Leading fearlessly is key to being an effective and transformational leader during the best of times. But as the COVID-19 pandemic hit this year, the phrase has taken on a whole new meaning.

Most businesses were forced to close their doors, and employees began working from home to help slow the spread of the virus. But it wasn’t just professional lives that were upended by the crisis. Schools across the U.S. began closing their doors in March and students of all ages were required to learn at home, sparking brand-new challenges for working parents.

The importance of human connection, executives told CRN, is the silver lining that has emerged from the COVID-19 crisis.

Leading fearlessly in a time of crisis, ironically, calls on women to do the one thing that many have actively avoided in their professional careers—showing their human side, executives said.

“I think my team might be surprised by how personal I’m getting on calls and sharing a bit about my life and asking about theirs—sometimes, even skipping over work things to ask how their families are doing and what they are looking forward to when this passes,” said Elissa Livingston, senior vice president of growth and strategy for cloud optimization startup CloudCheckr. “My team and, frankly, my customers and partners have been amazing about expressing empathy and understanding at this time.”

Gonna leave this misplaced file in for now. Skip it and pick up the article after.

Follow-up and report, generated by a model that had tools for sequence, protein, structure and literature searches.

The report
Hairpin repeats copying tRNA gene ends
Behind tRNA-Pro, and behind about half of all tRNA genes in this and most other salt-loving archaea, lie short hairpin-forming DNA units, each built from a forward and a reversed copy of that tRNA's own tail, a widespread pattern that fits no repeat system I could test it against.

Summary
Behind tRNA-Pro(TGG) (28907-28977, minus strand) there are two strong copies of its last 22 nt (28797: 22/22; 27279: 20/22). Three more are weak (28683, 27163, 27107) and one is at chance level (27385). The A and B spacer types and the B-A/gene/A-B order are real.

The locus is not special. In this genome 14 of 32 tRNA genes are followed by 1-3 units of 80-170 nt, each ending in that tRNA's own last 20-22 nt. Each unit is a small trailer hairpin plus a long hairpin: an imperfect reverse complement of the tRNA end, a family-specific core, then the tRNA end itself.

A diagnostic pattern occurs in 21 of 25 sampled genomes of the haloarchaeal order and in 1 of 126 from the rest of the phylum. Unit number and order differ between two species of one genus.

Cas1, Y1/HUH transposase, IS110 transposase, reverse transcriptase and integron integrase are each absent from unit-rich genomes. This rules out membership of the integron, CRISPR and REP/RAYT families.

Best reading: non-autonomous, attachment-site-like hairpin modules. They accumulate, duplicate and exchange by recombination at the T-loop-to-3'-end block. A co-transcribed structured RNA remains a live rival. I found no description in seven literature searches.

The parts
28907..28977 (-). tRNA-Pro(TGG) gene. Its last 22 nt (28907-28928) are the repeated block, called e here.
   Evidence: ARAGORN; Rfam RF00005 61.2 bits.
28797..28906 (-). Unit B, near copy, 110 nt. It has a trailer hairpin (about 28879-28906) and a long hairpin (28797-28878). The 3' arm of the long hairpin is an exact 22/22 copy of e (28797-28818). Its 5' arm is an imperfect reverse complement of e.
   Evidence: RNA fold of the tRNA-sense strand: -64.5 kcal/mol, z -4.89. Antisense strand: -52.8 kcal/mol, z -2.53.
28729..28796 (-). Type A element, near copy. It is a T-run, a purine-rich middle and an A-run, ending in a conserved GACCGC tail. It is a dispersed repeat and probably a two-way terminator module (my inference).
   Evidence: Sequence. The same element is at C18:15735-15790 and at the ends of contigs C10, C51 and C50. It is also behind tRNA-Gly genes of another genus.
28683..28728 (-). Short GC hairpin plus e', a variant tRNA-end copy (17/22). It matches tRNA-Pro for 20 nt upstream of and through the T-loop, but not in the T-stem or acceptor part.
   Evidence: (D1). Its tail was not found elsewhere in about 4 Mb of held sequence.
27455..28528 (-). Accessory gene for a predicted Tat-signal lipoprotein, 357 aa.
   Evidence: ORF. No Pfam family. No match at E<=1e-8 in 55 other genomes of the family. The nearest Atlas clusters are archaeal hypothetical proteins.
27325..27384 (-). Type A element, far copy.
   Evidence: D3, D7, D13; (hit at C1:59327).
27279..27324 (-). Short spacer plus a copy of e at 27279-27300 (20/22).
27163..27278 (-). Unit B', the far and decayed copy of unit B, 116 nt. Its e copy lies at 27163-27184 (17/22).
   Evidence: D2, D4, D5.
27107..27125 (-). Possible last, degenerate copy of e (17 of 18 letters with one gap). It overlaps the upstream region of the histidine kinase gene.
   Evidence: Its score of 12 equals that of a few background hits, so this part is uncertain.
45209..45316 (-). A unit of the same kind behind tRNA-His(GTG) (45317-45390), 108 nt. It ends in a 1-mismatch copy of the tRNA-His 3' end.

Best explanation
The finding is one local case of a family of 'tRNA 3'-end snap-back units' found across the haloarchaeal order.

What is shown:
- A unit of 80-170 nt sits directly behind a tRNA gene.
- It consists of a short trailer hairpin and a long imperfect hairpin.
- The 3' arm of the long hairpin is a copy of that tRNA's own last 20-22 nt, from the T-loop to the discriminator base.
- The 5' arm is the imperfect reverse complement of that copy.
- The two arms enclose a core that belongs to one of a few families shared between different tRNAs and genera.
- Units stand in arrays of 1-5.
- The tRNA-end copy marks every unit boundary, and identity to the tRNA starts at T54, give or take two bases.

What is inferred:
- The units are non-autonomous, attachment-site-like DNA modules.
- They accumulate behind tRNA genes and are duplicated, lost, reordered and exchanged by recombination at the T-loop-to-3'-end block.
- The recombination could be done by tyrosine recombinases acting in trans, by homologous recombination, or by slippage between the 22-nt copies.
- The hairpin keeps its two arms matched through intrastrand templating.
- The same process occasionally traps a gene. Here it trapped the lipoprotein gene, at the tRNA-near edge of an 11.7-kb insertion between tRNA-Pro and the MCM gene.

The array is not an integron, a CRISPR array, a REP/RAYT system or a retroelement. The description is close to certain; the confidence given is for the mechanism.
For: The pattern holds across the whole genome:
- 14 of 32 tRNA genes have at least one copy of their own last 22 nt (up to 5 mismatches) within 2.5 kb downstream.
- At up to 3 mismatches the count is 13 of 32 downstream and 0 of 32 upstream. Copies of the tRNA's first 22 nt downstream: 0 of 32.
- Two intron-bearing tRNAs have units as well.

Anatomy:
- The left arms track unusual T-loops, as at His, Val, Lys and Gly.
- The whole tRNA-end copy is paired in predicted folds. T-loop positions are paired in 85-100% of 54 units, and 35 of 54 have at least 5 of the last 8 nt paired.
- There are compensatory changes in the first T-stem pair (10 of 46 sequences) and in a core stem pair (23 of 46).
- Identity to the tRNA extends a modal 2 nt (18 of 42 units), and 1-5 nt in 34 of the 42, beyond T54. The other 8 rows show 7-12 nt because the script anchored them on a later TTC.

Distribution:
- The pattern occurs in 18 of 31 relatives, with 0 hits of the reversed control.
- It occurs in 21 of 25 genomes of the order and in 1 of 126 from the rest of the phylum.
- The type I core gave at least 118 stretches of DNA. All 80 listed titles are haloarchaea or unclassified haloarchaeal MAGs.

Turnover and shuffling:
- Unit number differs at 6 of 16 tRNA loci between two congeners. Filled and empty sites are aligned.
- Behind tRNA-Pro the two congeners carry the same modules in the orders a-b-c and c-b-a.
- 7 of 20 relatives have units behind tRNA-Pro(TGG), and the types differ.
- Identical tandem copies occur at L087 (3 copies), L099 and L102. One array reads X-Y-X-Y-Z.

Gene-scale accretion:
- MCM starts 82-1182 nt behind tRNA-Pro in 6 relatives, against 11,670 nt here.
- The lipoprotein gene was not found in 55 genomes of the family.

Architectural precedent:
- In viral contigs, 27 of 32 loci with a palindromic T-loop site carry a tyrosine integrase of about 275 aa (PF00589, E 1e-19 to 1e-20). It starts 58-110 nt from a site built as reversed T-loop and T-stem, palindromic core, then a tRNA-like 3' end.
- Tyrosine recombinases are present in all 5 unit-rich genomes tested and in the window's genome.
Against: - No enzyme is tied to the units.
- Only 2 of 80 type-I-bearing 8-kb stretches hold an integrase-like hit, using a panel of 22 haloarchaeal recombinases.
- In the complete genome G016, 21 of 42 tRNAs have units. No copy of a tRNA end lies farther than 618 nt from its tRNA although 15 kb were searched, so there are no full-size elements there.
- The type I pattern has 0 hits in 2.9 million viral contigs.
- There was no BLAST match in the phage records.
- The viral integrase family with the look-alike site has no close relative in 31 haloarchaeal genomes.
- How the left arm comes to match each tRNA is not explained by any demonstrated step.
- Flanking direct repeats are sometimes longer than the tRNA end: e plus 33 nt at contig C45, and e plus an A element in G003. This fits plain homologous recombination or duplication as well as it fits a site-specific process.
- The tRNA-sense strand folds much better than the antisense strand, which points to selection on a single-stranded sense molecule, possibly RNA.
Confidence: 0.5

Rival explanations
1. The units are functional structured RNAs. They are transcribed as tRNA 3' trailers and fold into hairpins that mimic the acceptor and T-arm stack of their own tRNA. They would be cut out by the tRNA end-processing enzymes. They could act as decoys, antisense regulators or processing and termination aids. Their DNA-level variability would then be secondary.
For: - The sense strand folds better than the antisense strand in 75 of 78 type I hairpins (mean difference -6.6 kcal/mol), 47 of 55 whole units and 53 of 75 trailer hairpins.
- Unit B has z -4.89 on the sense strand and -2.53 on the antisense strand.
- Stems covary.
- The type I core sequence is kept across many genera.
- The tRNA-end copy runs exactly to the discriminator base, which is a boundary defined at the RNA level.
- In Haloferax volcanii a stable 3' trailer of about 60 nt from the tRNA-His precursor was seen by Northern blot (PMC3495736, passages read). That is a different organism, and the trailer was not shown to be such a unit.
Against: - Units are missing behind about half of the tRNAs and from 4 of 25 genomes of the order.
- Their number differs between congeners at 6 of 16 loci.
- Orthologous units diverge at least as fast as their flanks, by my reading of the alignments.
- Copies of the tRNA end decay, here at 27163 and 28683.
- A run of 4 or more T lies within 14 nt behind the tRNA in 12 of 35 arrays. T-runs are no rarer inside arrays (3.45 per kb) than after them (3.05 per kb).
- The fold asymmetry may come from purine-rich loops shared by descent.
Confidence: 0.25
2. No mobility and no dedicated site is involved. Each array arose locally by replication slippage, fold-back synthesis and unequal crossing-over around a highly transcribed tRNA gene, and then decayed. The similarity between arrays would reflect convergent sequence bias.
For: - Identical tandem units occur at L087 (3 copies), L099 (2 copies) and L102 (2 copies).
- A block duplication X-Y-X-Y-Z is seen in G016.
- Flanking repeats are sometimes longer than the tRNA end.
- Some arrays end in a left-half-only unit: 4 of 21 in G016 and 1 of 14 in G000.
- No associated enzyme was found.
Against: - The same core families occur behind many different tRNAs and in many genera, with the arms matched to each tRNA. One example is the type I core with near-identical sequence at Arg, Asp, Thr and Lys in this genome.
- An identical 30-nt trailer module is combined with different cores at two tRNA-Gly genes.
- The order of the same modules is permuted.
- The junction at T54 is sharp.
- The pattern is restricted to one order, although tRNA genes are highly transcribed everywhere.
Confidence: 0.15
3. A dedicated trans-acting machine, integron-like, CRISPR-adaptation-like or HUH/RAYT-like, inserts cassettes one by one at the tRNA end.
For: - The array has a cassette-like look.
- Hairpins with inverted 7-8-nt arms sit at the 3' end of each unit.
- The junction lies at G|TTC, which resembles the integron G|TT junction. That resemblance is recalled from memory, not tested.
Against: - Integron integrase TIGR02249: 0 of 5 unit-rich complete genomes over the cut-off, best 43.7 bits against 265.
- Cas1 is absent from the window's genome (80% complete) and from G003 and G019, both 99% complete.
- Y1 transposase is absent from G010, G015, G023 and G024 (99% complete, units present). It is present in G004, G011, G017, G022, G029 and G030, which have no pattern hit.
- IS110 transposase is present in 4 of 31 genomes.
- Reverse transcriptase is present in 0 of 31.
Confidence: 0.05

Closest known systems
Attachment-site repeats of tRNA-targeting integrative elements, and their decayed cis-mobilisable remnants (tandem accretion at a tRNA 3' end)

Livingston has been making herself available visibly during the workday via videoconferencing tools since Rochester, N.Y.based CloudCheckr started to work remotely in March. Replacing in-person interactions and one-on-one meetings with connections across new tools has been critical, according to Livingston.

“Making sure team members are OK and understand they are still an important part of the business and team right now is huge,” she said. “I’m certainly still as busy as I was before, but I’m being more intentional with my time.”

For Livingston, becoming more tactical and less strategic was an important adjustment to make.

“It’s hard to look a year out and plan for in-person events,” she said. “Right now, it’s about improving the day-to-day things. This has given us an opportunity to look at the micro-level elements of our business. It’s giving us the opportunity to look inward.”


Read the full article on CRN.